Several analysts argue that Samsung's warning about Q3 profits is due to its strategy of competing on price.
Stories by Mike Bucken
Brendan Eich's ignominious departure from Mozilla this spring wasn't, as most of us think, due only to his opposition to gay marriage.
Except for a brief period after buying Sun Microsystems four years ago, Oracle's hardware business has been largely overlooked.
The Apple world that long saw its company deliver innovative products like the iPhone and iPad has shown some uneasiness in recent months.
Apple's move to buy headphone maker and streaming music service Beats Electronics brought its acquisitive ways -- started after the death of founder Steve Jobs -- to the forefront.
Apple is the company the tech world looks to for innovation, and for leadership. The company is on multiple 'most admired' lists. To what does the company credit that success? Clearly, it's design capabilities.
Last month's leaking of a Federal Communications Commission (FCC) plan for new net neutrality rules promptly elicited a firestorm of criticism from all sides of the political spectrum for its inclusion of two words -- "commercially reasonable."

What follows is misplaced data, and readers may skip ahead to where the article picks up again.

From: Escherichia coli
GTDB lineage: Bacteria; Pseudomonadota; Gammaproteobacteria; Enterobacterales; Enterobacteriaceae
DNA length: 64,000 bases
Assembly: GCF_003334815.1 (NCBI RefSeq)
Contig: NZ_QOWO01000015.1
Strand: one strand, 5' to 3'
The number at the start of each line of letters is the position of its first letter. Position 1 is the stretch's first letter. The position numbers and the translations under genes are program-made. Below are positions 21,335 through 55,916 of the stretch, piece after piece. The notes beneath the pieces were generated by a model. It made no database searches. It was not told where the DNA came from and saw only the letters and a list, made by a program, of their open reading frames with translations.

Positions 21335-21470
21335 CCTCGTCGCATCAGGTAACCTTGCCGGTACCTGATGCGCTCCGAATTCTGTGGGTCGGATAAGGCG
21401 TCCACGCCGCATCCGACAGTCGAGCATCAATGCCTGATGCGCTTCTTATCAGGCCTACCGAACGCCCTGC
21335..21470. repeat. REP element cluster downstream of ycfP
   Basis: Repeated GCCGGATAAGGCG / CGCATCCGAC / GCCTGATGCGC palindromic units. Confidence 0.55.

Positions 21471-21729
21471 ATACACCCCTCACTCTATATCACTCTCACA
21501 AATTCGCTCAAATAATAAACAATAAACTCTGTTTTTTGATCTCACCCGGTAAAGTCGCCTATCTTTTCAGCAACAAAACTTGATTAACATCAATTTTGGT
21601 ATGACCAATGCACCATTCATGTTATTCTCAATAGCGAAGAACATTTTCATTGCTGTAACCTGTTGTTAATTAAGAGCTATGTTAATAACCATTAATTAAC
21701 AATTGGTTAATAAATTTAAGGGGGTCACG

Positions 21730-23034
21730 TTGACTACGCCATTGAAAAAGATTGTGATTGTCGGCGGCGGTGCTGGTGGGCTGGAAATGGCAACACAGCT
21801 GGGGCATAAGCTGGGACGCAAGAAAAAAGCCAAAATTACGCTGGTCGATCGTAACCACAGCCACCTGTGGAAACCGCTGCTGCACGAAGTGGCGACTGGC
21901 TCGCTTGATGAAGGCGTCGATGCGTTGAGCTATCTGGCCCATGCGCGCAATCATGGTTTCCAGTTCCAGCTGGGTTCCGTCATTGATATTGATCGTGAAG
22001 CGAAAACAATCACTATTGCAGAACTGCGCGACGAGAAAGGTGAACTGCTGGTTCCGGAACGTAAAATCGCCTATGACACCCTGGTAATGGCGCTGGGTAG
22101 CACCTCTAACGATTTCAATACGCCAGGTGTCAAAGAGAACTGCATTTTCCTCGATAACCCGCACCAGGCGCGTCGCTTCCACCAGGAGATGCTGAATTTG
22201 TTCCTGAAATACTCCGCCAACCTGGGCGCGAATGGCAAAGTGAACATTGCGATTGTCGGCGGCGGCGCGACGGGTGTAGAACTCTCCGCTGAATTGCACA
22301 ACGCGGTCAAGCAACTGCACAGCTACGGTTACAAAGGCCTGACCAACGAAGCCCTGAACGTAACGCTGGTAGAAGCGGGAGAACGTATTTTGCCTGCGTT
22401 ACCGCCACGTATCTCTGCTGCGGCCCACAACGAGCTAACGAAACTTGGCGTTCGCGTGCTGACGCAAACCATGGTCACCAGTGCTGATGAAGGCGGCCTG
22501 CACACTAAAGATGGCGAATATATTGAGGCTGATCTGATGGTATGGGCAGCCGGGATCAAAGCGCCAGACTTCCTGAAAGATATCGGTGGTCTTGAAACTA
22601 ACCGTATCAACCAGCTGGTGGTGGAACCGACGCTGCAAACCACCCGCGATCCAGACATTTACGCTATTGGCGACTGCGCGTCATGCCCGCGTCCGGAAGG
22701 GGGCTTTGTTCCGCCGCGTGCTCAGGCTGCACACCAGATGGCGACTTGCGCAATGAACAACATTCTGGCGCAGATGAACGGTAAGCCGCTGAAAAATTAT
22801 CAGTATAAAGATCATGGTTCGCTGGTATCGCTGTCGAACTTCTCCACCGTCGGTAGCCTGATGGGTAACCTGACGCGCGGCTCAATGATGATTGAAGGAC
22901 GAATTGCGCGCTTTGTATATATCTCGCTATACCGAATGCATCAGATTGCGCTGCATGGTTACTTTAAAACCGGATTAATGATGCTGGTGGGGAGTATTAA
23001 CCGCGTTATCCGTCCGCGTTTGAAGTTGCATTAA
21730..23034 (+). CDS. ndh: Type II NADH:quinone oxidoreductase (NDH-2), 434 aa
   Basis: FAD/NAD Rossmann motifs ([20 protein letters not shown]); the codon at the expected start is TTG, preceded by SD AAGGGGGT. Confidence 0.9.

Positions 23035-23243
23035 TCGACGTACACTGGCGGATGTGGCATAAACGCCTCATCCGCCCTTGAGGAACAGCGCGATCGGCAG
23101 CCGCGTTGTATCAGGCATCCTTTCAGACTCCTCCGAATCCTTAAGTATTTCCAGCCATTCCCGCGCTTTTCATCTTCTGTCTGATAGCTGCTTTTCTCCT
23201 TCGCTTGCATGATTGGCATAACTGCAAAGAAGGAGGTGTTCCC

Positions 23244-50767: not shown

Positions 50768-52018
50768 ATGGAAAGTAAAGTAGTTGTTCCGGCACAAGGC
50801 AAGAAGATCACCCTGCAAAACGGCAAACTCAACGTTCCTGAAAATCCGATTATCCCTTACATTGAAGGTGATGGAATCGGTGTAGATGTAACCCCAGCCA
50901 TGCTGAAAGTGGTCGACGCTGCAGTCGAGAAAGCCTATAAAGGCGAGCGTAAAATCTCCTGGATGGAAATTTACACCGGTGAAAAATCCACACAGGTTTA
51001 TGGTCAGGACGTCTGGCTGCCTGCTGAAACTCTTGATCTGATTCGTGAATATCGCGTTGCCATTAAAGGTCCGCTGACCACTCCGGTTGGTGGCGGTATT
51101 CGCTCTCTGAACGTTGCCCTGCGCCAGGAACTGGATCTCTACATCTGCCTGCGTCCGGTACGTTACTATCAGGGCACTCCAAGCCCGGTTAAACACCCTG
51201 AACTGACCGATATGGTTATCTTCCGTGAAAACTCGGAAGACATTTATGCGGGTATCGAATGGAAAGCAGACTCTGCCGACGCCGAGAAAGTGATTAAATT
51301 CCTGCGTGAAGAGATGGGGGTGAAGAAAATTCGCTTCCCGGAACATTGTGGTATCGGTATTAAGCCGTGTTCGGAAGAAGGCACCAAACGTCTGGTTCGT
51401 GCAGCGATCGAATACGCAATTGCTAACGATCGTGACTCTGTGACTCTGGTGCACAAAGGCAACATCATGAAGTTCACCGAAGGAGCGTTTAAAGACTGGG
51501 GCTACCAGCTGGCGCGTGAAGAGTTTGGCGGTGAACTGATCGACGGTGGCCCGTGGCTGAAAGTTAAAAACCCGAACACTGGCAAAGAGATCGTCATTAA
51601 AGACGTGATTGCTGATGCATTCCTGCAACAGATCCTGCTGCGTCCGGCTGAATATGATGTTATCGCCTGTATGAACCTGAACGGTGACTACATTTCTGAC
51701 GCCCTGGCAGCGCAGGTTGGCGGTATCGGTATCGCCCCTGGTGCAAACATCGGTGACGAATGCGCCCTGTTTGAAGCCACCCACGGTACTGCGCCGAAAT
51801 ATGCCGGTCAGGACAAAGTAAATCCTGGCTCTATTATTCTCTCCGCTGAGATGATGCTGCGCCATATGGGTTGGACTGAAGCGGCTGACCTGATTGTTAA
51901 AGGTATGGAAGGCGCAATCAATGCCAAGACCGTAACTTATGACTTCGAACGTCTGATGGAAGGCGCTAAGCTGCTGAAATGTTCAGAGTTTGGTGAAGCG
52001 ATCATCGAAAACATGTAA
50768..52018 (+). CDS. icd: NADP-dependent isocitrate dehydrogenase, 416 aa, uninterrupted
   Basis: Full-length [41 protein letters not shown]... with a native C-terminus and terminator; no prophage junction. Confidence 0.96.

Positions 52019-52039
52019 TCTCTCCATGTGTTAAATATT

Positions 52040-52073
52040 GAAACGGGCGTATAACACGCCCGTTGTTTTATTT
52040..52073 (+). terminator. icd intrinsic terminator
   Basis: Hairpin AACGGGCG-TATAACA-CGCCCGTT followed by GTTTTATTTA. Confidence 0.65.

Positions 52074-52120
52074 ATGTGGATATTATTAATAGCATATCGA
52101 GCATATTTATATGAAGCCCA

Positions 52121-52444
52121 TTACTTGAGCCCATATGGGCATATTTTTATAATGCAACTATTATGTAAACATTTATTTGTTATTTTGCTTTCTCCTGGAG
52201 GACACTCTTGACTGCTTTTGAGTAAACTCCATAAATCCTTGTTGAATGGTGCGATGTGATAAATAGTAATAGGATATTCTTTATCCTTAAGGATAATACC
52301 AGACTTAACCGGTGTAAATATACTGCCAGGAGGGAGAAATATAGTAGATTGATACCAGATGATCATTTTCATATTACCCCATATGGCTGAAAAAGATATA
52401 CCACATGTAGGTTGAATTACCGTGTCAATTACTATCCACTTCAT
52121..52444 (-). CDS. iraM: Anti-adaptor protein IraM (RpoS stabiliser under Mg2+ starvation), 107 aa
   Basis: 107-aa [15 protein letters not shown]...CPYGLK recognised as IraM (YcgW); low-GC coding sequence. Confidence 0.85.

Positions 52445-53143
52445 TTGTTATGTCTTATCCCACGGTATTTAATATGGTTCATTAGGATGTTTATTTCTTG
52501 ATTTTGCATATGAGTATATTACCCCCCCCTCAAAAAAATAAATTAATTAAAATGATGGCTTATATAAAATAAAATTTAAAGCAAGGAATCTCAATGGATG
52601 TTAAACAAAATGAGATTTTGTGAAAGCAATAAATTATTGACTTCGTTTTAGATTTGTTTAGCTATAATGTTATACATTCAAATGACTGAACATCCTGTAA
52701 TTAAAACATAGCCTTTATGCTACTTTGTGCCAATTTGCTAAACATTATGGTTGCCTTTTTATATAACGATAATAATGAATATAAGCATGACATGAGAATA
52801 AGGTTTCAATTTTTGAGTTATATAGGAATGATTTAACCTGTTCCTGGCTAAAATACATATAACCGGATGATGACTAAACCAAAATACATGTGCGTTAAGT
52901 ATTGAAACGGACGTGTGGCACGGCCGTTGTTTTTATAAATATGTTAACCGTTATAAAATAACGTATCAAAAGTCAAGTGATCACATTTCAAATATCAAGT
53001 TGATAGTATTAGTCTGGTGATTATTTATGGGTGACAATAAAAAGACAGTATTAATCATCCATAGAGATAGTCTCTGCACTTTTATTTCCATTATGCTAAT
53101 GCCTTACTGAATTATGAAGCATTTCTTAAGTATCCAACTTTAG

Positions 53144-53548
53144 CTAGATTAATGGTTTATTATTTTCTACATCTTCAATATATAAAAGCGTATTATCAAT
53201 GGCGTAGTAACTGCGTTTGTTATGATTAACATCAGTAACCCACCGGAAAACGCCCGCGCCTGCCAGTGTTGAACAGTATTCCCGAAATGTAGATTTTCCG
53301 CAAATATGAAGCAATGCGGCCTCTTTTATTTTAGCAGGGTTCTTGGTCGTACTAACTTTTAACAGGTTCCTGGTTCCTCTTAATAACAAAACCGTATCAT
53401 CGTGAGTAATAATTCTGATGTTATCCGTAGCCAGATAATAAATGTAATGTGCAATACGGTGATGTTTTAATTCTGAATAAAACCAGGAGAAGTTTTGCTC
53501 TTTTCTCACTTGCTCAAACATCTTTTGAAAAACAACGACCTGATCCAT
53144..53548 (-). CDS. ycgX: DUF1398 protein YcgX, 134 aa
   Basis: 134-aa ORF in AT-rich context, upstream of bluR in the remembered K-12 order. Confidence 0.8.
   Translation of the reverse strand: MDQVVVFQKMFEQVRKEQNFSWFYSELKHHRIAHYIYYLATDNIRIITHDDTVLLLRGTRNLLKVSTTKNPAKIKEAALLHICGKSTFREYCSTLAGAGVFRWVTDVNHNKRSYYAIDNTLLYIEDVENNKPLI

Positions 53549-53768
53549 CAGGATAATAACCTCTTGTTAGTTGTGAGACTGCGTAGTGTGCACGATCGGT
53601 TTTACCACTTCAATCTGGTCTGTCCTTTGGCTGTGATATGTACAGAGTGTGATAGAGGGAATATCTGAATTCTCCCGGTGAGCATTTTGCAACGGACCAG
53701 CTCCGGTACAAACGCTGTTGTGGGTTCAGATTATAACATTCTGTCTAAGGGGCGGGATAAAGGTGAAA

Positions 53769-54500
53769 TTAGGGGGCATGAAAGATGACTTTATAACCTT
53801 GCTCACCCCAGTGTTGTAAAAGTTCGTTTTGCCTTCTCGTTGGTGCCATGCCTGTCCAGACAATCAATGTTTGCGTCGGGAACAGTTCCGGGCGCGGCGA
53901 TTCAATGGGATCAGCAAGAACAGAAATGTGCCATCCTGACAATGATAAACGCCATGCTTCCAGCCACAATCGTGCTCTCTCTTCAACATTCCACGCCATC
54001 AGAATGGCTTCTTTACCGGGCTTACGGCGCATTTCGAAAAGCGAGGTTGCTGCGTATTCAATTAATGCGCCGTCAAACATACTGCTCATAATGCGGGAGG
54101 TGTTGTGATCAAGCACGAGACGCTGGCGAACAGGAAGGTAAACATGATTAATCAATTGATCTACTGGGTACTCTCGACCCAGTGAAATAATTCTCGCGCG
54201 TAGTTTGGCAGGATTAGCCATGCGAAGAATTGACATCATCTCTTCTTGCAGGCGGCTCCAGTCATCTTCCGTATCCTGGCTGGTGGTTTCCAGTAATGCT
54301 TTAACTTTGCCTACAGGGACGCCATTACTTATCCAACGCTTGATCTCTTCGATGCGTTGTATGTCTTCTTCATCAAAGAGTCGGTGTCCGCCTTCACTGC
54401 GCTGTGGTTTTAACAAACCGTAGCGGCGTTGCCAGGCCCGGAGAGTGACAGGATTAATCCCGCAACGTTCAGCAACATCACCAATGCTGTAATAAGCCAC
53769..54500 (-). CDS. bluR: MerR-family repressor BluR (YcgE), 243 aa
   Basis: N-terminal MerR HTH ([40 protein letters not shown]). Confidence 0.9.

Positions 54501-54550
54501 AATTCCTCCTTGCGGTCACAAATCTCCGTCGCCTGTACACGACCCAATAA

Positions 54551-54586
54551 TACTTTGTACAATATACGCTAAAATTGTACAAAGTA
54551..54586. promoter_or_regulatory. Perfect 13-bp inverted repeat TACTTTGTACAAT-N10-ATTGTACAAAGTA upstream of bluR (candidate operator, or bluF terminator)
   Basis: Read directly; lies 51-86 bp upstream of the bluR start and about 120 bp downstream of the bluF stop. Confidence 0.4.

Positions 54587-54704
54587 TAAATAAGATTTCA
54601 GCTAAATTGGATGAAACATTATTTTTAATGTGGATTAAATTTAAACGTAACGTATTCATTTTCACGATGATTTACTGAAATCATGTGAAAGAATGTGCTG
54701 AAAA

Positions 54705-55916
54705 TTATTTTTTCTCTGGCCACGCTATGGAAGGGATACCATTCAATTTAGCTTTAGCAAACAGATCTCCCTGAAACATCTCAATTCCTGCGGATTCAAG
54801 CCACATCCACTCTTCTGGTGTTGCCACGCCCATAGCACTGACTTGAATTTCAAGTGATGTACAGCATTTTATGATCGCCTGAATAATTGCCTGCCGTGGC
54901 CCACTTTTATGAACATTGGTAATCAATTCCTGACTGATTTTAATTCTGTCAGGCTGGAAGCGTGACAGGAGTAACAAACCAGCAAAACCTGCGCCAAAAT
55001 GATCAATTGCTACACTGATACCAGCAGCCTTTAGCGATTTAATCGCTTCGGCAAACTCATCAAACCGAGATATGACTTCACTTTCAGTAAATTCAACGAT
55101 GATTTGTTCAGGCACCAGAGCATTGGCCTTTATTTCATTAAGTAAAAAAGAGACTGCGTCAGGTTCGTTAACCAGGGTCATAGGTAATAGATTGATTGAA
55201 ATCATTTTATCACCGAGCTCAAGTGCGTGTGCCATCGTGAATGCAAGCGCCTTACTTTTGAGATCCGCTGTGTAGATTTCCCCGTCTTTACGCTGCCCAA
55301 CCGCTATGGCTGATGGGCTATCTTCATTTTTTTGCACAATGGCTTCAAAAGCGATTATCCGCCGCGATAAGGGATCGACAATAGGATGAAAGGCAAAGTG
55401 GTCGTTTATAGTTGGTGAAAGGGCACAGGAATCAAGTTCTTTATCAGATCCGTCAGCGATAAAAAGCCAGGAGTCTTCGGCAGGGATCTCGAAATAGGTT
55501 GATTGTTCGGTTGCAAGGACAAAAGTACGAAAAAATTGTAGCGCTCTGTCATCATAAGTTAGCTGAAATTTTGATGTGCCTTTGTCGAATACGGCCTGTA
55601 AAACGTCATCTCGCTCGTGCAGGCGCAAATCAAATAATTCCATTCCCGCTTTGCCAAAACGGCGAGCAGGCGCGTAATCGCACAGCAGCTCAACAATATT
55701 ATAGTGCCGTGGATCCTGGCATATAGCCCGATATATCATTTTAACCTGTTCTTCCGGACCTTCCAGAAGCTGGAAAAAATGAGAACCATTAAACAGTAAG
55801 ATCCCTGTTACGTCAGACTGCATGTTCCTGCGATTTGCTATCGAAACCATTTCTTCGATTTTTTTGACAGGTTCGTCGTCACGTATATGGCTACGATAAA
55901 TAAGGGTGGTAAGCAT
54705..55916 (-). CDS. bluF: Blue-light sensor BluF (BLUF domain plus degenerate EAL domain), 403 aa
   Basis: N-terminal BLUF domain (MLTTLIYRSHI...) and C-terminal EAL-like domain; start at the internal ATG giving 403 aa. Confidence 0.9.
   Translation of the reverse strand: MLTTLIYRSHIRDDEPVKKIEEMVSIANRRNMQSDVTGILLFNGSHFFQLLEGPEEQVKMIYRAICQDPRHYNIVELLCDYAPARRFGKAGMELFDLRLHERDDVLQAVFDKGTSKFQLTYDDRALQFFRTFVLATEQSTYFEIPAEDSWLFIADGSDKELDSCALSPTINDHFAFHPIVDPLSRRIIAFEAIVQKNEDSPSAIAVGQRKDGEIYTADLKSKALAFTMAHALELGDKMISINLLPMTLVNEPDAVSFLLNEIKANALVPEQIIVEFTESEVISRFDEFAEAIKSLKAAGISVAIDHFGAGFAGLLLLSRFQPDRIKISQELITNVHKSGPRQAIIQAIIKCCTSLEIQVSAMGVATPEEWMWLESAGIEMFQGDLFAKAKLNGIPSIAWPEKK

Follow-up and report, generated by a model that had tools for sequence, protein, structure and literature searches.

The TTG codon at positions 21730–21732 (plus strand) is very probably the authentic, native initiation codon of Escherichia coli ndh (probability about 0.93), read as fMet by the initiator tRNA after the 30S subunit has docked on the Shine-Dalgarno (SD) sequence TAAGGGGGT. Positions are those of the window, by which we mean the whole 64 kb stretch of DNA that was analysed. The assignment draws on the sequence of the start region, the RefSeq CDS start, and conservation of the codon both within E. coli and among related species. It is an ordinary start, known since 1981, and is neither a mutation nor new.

Since Al Jazeera America posted copies of emails between Google executives and National Security Agency officials on Tuesday, online criticism of the the Internet firm has spread quickly.
Google has clearly been concerned about growing efforts by several vendors to create forked versions of Android to differentiate their high-end smartphones from the pack.
Computerworld offers a Tip of the Hat to Jon Brodkin of Ars Technica for an incisive look at how only a potential disaster could convince top tech execs to finally help fund the OpenSSL and other open-source projects.
Some Wall Street analysts are warning that Apple needs to unveil its post-iPhone and iPad products to assure it can survive and thrive in the years ahead.
Computerworld offers a Tip of the Hat to The Register's Chris Williams for his insights on how a lack of oversight of open source technologies contributed to to the creation -- and the two-year spread -- of the Heartbleed bug.
Computerworld offers a Tip of the Hat to Shane Dingman of the Toronto Globe and Mail for an easy-to-understand look at the Heartbleed security bug -- what happened, what key websites are among the hundreds of thousands affected, and whether users can do anything at this point.
Facebook CEO Mark Zuckerberg faced a lot of criticism last week when his company agreed to pay $2 billion for a startup still building its first product, the Rift virtual reality headset.
The wildly successful playbook used by Steve Jobs at Apple would normally be copied and followed by other companies looking for a competitive edge.